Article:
At the 2010 Winter Olympics in Vancouver, Lassila won gold in the aerials, getting Australia's second gold medal for the games after snowboarder Torah Bright won gold in the halfpipe, also at Cypress Mountain. This medal was also the second gold for an Australian in the aerials at all Winter Olympic Games, after Alisa Camplin in 2002. There was a lot of pressure and hype from the Australian press for Lassila to do well as world number one. She was in second position after the first jump of the final, before posting the highest scoring second round jump. The leader after the first jump, Xu Mengtao, had the last jump, but scored more than 25 points below Lassila's second jump to fall down the rankings into sixth, due to a failed landing. Lassila had a combined score of 214.74, beating second placed Li Nina with 207.23 points. Australian team-mates Jacqui Cooper and Elizabeth Gardner finished 5th with 194.29 and 12th with 86.70 respectively.[6]

2014 Winter Olympics[edit]

Lassila achieved a Bronze medal in the Freestyle Skiing Women's Aerials event. Her jump was a quad-twisting triple somersault.[7] If she had 'landed' it she would have been the first woman to do so, but she landed hard[8] and 'slapped' down on her back on landing. Her score for the aerial was 72.12.[7] Lassilas' prior jumps were scored at 95.76 and 99.22.[1]

Awards[edit]

Apart from her sporting medals, Lasilla has also received other honours and awards:

  • 2010 Australian Institute of Sport 'Athlete of the Year'[9]
  • 2010 Sport Australia Hall of Fame, 'The Don' Award[2]
  • 2010 Governor’s Award for the Victorian Sportsperson of the Year[10]
  • 2010 Victorian Female Athlete of the Year- Kitty McEwan Award[11]
  • 2010 Ski and Snowboard Australia Athlete of the Year[12]

References[edit]

  1. ^ a b c d e f g h i "Lydia Lassila (Ierodiaconou); Sochi 2014". Sochi2014.olympics.com.au. Retrieved 16 February 2014.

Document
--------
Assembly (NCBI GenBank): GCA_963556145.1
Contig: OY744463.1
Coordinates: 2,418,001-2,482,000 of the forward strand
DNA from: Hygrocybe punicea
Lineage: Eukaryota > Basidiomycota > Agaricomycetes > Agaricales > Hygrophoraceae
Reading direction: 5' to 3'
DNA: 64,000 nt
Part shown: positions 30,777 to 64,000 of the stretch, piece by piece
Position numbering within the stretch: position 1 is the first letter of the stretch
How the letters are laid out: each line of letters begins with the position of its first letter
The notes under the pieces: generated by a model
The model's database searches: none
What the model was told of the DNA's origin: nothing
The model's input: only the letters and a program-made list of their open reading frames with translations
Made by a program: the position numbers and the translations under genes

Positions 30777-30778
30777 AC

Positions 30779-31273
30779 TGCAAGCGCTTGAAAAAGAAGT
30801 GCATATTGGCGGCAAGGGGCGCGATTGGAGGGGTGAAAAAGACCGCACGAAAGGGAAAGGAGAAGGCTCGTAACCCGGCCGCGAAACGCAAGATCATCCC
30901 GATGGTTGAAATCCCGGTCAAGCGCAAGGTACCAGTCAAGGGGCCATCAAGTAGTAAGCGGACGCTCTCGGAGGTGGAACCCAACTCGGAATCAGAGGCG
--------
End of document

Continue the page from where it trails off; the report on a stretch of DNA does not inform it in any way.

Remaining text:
2. ^ a b "Lassila wins Don award". ABC News (Australian Broadcasting Corporation - Abc.net.au). 21 October 2010. Retrieved 16 February 2014. 
  3. ^ "Lydia LASSILA; Freestyle Skiing; Australia - Sochi 2014 Olympics". Sochi2014.com. Retrieved 16 February 2014. 
  4. ^ Lydia Lassila bio@ NBC Olympics[dead link]
  5. ^ "Gold for RMIT graduate". RMIT University (Rmit.edu.au). 25 February 2010. Retrieved 16 February 2014. 
  6. ^ "Ladies' Aerials - Final Results Summary - 2010 Winter Olympics". International Olympics Committee. Retrieved 24 February 2014. 
  7. ^ a b Andrew Webster (15 February 2014). "Sochi Winter Olympics: 'I've left my mark forever', says emotional bronze medalist Lydia Lassila". Smh.com.au. Retrieved 16 February 2014. 
  8. ^ Daniel Fallon and Andrew Webster (15 February 2014). "Sochi Winter Olympics: Defending Olympic champion Lydia Lassila takes bronze in the ladies’ aerials final". The Sydney Morning Herald (Smh.com.au). Retrieved 16 February 2014. 
  9. ^ "Lassila honoured as AIS Athlete of the Year". Australian Sports Commission - Ausport.gov.au. 21 December 2010. Retrieved 16 February 2014. 
  10. ^ "Lassila named Victorian Sportsperson of the Year" (pdf) (Press release). VicSport-vicsport.asn.au. 21 December 2010. Retrieved 16 February 2014. 
  11. ^ "2010 Victorian Sport Awards". VicSport. Retrieved 16 February 2014. 
  12. ^ "Australian Ski & Snowboard Awards - Ski & Snowboard Australia". Skiandsnowboard.org.au. Retrieved 16 February 2014. 
Awards and achievements
Preceded by
Emma Moffatt and Brenton Rickard
Australian Athlete of the Year
2010
Succeeded by
Anna Meares